Subtitled: One Reason I Will Not Be Going Back to Oklahoma, Where I Never Came From In The First Place
Hey, before I start talking about sweat—which, yes, does merit its very own post, thankyouforasking—I want to tell you something. Come in real close. No closer, come here. Pssst… I’ve missed you!
It’s been a while since I’ve gone an entire month between posts. Here at Casa Ruelle, things have been a wee bit hectic, what with Italian bureaucratic hassles (don’t ever have children because then you have to sign them up for public school, unless of course you’re rich, but if you’re not, like me, then, just don’t) and with multiple jobs (yes, I work) and trying to maintain my very fragile and tenuous grasp on stable mental health while also eating, sleeping, and occasionally even having a day of peace and quiet…well, let’s just say that yours truly hasn’t had all the time she’s wanted to share her silly and totally nonsensical observations with y’all.
And when I say y’all, I mean Y’ALL. Because today is the day folks. Not only did I get to delete a whole crapload of spammy comments from my blog, I also got to go through the non-spammy comments from February and reply, and Y’ALL is how I’m feeling because one frisky little commenter asked me why I don’t, quote—go back to Oklahoma and get lost—end quote. Now, seriously, how fun is that? Usually I don’t feature my haters because, you know, don’t give attention and what not (once I was asked if I ate a lot of paintchips as a child—such an amateurish attempt to attack my overzealous egotisical bombasticness! Of course I did! I sprinkled them on my Cheerios!), but this one charmed me because not only was it written with no H (so cute! In Italian the H is silent, so, you know, just throw it out when it appears in foreign languages and you don’t pronounce it, right?) but I’ve actually only driven through Oklahoma and so wouldn’t really have any logical reason to “go back there,” although, come to think of it, I could probably very easily get lost there. Because, one wonders: is that the state with the panhandle? Or is it just shaped like a pan? Did y’all know that the state name is derived from the Choctaw words okla and humma, meaning “red people”? Serious! Wiki said it so it must be true! Oh, the good times never end around here. Big sloppy kisses to my NUMBER ONE fan! This one here’s special just for you. All Americans sing like this at dinner. Then we pass around our handguns for comparison about whose is biggest (size matters) before we go off and start wars for no reason.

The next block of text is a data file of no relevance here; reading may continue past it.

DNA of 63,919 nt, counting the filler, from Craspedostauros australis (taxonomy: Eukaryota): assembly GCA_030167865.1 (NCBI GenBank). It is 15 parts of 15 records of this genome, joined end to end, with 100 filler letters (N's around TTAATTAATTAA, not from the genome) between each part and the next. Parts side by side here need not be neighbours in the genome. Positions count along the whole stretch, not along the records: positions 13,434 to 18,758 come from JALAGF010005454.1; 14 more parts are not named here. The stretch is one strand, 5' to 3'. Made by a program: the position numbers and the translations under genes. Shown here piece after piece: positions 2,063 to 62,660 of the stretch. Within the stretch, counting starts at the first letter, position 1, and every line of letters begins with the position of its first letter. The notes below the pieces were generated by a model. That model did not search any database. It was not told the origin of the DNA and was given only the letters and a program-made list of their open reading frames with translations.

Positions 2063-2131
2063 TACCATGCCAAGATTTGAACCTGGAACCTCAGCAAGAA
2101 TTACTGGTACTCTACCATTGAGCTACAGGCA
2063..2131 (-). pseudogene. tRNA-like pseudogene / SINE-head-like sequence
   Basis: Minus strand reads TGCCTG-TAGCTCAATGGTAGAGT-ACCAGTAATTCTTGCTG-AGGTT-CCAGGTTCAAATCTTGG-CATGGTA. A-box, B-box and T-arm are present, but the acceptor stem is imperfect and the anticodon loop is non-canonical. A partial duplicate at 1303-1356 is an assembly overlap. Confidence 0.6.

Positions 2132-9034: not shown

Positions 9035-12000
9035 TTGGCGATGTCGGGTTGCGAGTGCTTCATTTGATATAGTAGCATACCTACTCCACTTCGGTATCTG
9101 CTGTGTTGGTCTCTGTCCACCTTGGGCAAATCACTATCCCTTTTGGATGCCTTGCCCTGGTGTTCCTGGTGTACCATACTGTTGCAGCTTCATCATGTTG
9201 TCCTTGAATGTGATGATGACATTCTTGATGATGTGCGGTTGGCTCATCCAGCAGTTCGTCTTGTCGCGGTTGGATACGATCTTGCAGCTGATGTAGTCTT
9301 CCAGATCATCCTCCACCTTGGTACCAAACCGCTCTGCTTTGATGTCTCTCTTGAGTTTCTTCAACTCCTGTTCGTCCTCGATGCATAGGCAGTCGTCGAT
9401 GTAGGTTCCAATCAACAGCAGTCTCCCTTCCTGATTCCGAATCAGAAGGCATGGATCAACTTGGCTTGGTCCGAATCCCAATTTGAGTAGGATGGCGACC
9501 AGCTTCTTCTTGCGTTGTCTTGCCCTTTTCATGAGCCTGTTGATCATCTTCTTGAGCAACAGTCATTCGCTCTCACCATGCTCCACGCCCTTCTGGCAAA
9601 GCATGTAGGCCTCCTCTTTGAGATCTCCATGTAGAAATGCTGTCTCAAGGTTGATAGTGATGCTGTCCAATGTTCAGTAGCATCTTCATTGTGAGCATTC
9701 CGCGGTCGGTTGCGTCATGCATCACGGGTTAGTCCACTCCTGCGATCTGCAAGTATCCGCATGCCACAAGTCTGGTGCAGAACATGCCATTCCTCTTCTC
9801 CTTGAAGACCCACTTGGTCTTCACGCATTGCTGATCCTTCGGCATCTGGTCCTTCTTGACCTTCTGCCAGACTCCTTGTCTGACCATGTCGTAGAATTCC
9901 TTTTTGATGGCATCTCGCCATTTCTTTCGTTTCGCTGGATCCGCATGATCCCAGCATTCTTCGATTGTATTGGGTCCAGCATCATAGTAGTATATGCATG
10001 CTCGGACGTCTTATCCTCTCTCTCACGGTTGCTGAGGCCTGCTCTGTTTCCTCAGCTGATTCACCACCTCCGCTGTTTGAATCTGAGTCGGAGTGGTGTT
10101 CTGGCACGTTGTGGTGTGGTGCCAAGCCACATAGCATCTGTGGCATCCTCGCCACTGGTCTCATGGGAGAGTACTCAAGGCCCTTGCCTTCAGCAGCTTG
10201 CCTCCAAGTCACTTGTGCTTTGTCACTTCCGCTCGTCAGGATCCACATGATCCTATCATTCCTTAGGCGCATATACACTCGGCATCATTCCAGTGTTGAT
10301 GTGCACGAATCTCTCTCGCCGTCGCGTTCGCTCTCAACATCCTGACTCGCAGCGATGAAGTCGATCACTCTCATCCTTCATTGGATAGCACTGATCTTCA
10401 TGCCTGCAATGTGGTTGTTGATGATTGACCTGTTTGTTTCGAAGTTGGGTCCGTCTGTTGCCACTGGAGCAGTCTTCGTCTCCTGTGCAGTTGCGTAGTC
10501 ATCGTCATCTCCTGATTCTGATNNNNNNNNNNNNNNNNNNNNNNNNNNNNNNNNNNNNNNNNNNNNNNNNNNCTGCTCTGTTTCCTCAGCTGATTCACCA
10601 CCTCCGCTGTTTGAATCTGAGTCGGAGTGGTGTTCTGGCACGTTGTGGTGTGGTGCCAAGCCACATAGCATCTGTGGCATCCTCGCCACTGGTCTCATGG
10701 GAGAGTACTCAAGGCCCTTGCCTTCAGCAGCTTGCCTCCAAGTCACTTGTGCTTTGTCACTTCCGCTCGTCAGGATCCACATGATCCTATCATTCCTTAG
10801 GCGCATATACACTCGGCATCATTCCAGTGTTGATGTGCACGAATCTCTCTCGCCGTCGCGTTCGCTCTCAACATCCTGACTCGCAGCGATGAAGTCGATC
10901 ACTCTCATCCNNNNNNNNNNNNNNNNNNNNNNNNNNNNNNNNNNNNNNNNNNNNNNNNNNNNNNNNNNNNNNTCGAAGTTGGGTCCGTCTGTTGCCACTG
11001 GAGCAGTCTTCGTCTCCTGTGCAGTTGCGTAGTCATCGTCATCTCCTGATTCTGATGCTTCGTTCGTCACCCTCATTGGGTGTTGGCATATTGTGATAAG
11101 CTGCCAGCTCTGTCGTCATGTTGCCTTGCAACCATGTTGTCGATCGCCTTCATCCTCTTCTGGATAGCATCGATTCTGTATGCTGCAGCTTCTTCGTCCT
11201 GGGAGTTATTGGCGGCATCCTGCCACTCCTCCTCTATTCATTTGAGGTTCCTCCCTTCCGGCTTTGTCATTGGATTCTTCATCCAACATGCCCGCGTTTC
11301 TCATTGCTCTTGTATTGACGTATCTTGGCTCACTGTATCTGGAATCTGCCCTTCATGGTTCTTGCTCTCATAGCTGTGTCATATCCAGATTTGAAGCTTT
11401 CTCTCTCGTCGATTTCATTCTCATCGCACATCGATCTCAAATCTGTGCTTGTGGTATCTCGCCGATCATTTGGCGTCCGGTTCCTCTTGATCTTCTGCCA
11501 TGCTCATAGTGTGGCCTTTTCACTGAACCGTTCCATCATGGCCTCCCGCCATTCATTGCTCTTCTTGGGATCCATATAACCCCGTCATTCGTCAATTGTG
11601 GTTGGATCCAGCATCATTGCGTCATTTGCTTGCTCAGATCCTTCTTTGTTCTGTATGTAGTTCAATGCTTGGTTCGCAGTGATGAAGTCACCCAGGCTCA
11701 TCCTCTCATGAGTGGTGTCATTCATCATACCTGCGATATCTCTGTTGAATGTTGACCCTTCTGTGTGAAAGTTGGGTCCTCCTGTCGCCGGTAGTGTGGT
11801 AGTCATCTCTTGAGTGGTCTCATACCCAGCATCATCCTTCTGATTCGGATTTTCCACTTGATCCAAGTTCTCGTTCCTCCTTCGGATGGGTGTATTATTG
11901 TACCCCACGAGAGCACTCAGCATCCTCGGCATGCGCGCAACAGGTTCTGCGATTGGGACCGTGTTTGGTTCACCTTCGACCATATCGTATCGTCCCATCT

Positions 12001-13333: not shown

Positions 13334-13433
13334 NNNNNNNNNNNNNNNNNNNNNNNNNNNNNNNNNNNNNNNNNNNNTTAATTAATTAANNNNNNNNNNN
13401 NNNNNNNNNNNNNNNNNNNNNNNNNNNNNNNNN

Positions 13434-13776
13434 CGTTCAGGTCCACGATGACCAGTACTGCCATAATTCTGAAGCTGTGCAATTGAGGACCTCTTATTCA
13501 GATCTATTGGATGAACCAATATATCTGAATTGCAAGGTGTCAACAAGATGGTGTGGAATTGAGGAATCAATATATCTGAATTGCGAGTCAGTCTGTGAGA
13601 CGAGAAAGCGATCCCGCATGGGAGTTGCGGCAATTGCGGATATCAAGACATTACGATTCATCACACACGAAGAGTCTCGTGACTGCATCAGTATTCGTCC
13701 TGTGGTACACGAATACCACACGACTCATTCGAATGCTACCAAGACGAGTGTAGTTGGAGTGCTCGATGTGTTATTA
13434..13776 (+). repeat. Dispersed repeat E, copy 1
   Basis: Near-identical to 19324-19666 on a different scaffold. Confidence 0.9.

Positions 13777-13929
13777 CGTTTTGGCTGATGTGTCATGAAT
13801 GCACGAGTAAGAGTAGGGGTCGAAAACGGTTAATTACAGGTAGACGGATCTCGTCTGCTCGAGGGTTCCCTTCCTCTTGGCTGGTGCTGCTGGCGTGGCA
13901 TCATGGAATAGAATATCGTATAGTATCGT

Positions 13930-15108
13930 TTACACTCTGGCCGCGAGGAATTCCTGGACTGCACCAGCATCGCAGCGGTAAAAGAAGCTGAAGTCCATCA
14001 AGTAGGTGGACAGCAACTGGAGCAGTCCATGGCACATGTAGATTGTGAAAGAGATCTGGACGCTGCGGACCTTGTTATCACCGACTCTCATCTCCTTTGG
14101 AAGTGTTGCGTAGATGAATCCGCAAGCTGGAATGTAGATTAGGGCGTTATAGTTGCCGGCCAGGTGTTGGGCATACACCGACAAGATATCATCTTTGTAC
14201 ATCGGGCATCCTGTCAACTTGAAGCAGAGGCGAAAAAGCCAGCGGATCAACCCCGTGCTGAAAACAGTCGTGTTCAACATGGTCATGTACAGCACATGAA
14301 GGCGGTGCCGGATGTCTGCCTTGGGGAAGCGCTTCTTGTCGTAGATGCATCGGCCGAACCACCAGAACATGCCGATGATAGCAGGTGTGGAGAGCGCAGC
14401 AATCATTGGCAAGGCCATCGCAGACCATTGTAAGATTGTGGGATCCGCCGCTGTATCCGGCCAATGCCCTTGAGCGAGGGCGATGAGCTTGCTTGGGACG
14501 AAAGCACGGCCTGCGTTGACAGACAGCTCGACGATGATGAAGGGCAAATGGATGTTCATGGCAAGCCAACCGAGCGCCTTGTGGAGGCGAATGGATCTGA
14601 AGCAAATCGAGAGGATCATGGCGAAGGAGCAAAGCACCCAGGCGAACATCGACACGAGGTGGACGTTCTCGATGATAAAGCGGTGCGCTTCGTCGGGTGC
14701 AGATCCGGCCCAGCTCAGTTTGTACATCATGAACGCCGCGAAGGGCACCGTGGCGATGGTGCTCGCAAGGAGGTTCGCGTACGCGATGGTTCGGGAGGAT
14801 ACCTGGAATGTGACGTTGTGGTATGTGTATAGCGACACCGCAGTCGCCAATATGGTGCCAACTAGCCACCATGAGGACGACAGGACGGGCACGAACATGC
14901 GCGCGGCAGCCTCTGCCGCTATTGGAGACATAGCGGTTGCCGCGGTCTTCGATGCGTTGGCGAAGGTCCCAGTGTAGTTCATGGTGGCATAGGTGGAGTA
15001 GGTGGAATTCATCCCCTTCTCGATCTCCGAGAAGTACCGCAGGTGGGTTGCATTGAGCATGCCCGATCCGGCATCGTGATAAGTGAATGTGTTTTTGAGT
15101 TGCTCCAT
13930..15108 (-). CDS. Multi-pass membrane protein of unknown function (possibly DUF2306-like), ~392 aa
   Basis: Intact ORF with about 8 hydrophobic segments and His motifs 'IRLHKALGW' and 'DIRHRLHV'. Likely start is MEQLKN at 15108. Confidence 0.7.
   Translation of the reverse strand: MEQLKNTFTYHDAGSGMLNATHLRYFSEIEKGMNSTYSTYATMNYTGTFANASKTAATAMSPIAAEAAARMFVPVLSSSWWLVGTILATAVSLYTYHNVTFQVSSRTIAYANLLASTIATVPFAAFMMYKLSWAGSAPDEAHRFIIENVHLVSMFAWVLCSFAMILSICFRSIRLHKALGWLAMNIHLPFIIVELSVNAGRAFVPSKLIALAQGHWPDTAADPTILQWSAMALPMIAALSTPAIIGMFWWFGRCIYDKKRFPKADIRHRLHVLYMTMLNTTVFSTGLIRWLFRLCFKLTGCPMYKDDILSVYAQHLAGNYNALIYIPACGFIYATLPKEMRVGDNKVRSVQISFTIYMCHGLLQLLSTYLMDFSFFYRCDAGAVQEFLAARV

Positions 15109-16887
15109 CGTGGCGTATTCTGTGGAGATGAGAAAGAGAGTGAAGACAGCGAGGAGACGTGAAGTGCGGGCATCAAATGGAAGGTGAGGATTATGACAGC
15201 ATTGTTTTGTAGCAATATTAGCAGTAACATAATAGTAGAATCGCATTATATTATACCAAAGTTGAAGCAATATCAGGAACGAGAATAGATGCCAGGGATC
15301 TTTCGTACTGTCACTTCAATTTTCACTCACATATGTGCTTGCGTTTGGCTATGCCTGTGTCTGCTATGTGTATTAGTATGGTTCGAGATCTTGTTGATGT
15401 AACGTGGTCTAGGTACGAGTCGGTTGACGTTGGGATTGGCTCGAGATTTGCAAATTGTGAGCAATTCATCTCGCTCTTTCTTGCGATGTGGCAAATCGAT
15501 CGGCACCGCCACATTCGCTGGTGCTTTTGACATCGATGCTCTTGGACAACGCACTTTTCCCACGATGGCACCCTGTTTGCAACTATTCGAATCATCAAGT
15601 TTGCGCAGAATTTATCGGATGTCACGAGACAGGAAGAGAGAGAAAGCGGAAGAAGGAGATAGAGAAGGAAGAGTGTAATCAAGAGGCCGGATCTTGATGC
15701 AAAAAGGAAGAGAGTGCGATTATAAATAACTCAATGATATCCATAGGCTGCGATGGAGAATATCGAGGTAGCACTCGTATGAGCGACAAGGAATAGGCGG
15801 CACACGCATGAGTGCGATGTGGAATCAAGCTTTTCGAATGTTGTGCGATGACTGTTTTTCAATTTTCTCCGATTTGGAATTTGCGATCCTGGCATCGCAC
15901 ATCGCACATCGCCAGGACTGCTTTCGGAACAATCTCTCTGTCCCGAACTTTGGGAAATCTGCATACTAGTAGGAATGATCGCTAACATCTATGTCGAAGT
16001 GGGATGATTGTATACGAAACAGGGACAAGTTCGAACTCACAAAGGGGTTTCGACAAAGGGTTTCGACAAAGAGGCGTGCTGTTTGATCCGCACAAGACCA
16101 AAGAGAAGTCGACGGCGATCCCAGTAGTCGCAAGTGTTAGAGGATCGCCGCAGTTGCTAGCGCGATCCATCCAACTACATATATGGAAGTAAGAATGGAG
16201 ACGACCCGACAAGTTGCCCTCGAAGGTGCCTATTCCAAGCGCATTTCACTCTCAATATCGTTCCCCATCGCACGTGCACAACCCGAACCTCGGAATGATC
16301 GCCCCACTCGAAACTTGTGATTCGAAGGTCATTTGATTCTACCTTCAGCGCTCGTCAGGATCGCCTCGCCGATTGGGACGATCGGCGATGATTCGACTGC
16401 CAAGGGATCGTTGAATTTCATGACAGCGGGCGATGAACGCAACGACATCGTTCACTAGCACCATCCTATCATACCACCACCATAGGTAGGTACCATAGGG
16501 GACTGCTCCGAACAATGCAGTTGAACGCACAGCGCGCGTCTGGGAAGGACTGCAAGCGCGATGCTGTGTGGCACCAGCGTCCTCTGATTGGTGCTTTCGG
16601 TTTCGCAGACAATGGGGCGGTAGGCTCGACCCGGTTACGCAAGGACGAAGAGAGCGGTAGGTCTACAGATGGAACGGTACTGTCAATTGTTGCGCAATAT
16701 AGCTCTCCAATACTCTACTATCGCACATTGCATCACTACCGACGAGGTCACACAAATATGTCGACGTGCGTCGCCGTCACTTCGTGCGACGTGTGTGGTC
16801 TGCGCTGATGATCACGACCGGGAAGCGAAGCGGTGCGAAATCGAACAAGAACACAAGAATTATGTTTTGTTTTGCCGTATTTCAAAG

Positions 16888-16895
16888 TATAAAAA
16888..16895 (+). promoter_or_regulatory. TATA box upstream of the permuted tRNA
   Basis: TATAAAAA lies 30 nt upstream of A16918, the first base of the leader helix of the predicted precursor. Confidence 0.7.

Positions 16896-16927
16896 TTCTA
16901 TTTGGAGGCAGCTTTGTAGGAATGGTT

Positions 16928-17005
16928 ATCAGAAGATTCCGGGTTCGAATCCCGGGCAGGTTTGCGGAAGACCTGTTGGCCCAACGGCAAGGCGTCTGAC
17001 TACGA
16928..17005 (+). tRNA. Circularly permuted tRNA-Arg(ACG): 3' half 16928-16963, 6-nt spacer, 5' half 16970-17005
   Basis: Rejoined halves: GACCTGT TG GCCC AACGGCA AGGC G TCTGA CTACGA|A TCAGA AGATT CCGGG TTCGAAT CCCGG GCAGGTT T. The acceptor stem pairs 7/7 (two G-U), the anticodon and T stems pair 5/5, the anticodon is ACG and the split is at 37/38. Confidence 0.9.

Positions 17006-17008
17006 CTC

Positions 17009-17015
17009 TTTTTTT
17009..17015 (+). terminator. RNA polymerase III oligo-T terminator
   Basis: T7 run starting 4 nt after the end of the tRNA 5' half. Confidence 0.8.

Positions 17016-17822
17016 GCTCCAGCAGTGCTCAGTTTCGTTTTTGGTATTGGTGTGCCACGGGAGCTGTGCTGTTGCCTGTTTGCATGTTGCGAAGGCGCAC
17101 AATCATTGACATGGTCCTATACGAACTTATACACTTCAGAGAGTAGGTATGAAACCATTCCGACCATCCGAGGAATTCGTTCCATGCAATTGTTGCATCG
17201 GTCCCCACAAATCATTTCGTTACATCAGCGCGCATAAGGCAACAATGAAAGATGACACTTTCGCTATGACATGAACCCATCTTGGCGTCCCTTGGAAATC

Oh, but folks! Enough of the jibber jabber! Let’s talk SWEAT and I mean it!
So here’s the thing. Italians have a sort of very not comfortable relationship with sweating, especially when it occurs in children and it occurs away from the home and might also be followed by exposure to air, most especially cold air. (My hands are shaking just typing this, in fear of a lightning bolt coming down directly from the hand of God Himself to strike me down where I
I have heard parents say to their children “Don’t sweat!” and that is the honest-to-God truth.
I’ve been told by other adults to change my own clothes if I’ve sweated, and that I’ll “catch cold” and God only knows what else.
Recently my son had his birthday party with another kid in his class at a sort of kids’ play place where they have those inflatable bouncing houses and slides and the kids sort of run around for 3 hours like wildebeests (do they run?) and do what kids will do when this sort of nefarious activity happens: they sweat.
Like, to the level of becoming red-faced Oklahummas. (I live in Italy so I don’t have to be PC.)
So the mom of this child almost didn’t want to have the party there because, and I quote, “The other moms have told me they aren’t sure if they want to take their kids to birthday parties there anymore, because, well, you know… they get all sweaty.“
The mind boggles.
So, I was at a birthday party at this kiddy play place the other day (this one for a friend of my twin 4-year old daughters though) and I have no idea why I didn’t spot the anti-sweat containment area until now. Well, it isn’t actually called that, silly me! But, it should be. Because it’s sort of like a hazmat decontamination zone. Come to think of it, it should have had all sort of fun signs like this posted:
But, alas, it didn’t.
Anyhoo, here’s the thing. It’s this:
So basically, if your child sweats, you can take him into this area and dry his or her hair (shirt, clothes, soul).
I don’t know, people. Maybe it’s just me. I enjoy these cultural paradoxes and differences. I mean, you know, it’s the whole tomato tomahta thing:
Yes, calling the whole thing off would have been an option. Years and years ago. But no! I’m the paintchip-eating-not-going-back-to-Oklaoma-freak who actually loves living in a place where hair dryers are provided so that my children don’t … well, what happens if they sweat and then don’t dry themselves off? You see? So much for me still to learn. Oh Italy, mwah!
And if you think it’s just me making this observation—well, think again. Rossella Boriosi’s got my back over at Style.it. How can you not love her when her “about” bio simply says “Banned from the best mother’s forums”? This article in Italian translates as The Eleventh Commandment: Don’t Sweat.
See? I told you it’s not just me! Even people who aren’t from Oklaoma know that you’re not supposed to sweat. Or something. We even have this old saying, passed down from generation to generation:
You see? Deep down, folks, we’re all the same. Now, can’t we just sit around a campfire and sing kumbaya? (Not too close to the fire, though. Because, well—you know.)